n:P(n):Type;0 P:P(0);n:,p:P(x)succ P(n,p):P(succ(n))| || |n:ind (P,0 P,succ P)(n):P(n) \frac{ n \,\colon\, \mathbb{N} \;\vdash\; P(n) \,\colon\, Type \;; \;\;\;\; \vdash\; 0_P \,\colon\, P(0) \;; \;\;\;\; n \,\colon\, \mathbb{N} \,, \; p \,\colon\, P(x) \;\vdash\; succ_P(n,\,p) \,\colon\, P\big(succ(n)\big) \mathclap{\phantom{\vert_{\vert}}} }{ \mathclap{\phantom{\vert^{\vert}}} n \,\colon\, \mathbb{N} \;\vdash\; ind_{(P, 0_P, succ_P)}(n) \,\colon\, P(n) }
  4. computation rules:

    n:P(n):Type;0 P:P(0);n:,p:P(x)succ P(n,p):P(succ(n))| || |ind (P,0 P,succ P)(0)=0 P \frac{ n \,\colon\, \mathbb{N} \;\vdash\; P(n) \,\colon\, Type \;; \;\;\;\; \vdash\; 0_P \,\colon\, P(0) \;; \;\;\;\; n \,\colon\, \mathbb{N} \,, \; p \,\colon\, P(x) \;\vdash\; succ_P(n,p) \,\colon\, P\big(succ(n)\big) \mathclap{\phantom{\vert_{\vert}}} }{ \mathclap{\phantom{\vert^{\vert}}} ind_{(P, 0_P, succ_P)}(0) \,=\, 0_P }


    n:P(x):Type;0 P:P(0);n:,p:P(x)succ P(x,p):P(sx);n:| || |ind (P,0 P,succ P)(succ(n))=succ P(n,ind (P,0 P,succ P)(n)) \frac{ n \,\colon\, \mathbb{N} \;\vdash\; P(x) \,\colon\, Type \;; \;\;\;\; \vdash\; 0_P \,\colon\, P(0) \;; \;\;\;\; n \,\colon\, \mathbb{N} \,, \; p \,\colon\, P(x) \;\vdash\; succ_P(x,p) \,\colon\, P(s x) \;; \;\;\;\; \vdash\; n \,\colon\, \mathbb{N} \mathclap{\phantom{\vert_{\vert}}} }{ \mathclap{\phantom{\vert^{\vert}}} ind_{(P, 0_P, succ_P)}\big(succ(n)\big) \,=\, succ_P\big(n,\, ind_{(P, 0_P, succ_P)}(n) \big) }

(In the last line, “==” denotes judgemental equality.)

That this is the right definition (and a special case of the general principle of inductive types) was clearly understood around Martin-Löf (1984), pp. 38; Coquand & Paulin (1990, p. 52-53); Paulin-Mohring (1993, §1.3); Dybjer (1994, §3). For review see also, e.g., Pfenning (2009, §2); UFP (2013, §1.9); Söhnen (2018, §2.4.5).

In Coq-syntax the natural numbers are the inductive type defined [cf. Paulin-Mohring (2014, p. 6)] by:

Inductive nat : Type :=
 | zero : nat
 | succ : nat -> nat.

In the categorical semantics (via the categorical model of dependent types, see below) this is interpreted as the initial algebra for the endofunctor FF that sends an object to its coproduct with the terminal object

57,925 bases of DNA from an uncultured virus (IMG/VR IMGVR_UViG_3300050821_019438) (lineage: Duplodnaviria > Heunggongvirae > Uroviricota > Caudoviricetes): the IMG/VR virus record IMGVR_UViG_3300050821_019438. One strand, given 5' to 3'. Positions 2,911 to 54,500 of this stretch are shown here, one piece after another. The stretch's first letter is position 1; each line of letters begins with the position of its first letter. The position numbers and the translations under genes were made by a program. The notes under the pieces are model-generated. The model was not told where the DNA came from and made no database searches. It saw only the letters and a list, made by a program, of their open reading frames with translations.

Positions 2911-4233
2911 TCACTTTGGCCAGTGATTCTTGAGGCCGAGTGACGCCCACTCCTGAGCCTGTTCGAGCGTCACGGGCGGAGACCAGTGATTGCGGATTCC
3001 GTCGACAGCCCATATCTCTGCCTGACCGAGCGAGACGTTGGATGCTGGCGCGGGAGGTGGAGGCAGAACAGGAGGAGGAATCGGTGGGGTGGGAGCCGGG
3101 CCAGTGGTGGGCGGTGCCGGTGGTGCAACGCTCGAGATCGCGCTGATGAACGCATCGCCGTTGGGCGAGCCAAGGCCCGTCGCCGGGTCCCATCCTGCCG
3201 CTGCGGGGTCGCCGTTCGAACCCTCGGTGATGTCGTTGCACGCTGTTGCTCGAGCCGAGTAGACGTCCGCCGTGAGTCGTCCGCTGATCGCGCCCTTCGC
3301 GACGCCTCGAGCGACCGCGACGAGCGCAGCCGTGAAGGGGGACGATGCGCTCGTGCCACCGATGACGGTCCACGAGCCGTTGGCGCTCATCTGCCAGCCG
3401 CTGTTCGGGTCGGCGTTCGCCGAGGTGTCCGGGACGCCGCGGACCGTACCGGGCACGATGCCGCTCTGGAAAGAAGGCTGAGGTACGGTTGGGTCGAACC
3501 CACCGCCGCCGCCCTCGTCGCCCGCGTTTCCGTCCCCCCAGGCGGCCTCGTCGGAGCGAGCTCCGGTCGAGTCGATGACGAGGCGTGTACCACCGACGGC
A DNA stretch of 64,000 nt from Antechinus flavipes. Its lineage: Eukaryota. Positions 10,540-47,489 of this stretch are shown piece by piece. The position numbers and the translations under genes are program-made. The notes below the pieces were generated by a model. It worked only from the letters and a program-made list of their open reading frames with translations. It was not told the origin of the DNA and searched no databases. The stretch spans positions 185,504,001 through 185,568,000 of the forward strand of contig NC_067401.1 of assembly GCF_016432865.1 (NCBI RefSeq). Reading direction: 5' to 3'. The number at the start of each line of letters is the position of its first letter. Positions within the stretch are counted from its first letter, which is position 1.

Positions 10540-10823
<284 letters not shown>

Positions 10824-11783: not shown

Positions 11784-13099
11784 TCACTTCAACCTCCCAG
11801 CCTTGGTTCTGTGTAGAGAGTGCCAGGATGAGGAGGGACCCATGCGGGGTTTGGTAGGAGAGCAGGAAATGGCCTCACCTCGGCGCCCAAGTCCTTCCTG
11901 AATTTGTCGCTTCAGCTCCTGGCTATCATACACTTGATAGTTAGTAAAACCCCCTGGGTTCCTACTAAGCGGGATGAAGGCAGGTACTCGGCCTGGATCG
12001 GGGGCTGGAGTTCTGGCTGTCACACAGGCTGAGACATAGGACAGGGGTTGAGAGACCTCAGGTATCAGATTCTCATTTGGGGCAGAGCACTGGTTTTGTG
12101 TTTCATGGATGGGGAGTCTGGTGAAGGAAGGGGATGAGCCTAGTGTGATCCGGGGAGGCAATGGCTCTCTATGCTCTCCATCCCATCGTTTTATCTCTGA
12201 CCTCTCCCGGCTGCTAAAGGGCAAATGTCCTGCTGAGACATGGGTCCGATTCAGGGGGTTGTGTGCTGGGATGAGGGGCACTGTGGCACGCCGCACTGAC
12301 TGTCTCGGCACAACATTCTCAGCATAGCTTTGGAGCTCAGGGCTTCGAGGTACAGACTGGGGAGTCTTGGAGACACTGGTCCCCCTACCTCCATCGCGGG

(1)F(X)*X, F(X) \;\coloneqq\; * \sqcup X \,,

or in different equivalent notation, which is very suggestive here:

F(X)=1+X. F(X) \;=\; 1 + X \,.

That initial algebra is (as also explained there) precisely a natural number object \mathbb{N}. The two components of the morphism F()F(\mathbb{N}) \to \mathbb{N} that defines the algebra structure are the 0-element 0:*0 \,\colon\, * \to \mathbb{N} and the successor endomorphism succ:succ \colon \mathbb{N} \to \mathbb{N}

(0,succ):*. (0 ,\, succ) \;\colon\; * \sqcup \mathbb{N} \longrightarrow \mathbb{N} \,.

With typal computation and uniqueness rules

Assuming that identification types, function types and dependent sequence types exist in the type theory, the natural numbers type is the inductive type generated by an element and a function:

Formation rules for the natural numbers type:

ΓctxΓtype\frac{\Gamma \; \mathrm{ctx}}{\Gamma \vdash \mathbb{N} \; \mathrm{type}}

Introduction rules for the natural numbers type:

ΓctxΓ0:ΓctxΓs:\frac{\Gamma \; \mathrm{ctx}}{\Gamma \vdash 0:\mathbb{N}} \qquad \frac{\Gamma \; \mathrm{ctx}}{\Gamma \vdash s:\mathbb{N} \to \mathbb{N}}

Elimination rules for the natural numbers type:

Γ,x:C(x)typeΓc 0:C(0)Γc s: x:C(x)C(s(x))Γn:Γind C(c 0,c s,n):C(n)\frac{\Gamma, x:\mathbb{N} \vdash C(x) \; \mathrm{type} \quad \Gamma \vdash c_0:C(0) \quad \Gamma \vdash c_s:\prod_{x:\mathbb{N}} C(x) \to C(s(x)) \quad \Gamma \vdash n:\mathbb{N}}{\Gamma \vdash \mathrm{ind}_\mathbb{N}^C(c_0, c_s, n):C(n)}

Computation rules for the natural numbers type:

Γ,x:C(x)typeΓc 0:C(0)Γc s: x:C(x)C(s(x))Γβ 0(c 0,c s):Id C(0)ind C(c 0,c s,0),c 0)\frac{\Gamma, x:\mathbb{N} \vdash C(x) \; \mathrm{type} \quad \Gamma \vdash c_0:C(0) \quad \Gamma \vdash c_s:\prod_{x:\mathbb{N}} C(x) \to C(s(x))}{\Gamma \vdash \beta_\mathbb{N}^0(c_0, c_s):\mathrm{Id}_{C(0)}\mathrm{ind}_\mathbb{N}^C(c_0, c_s, 0), c_0)}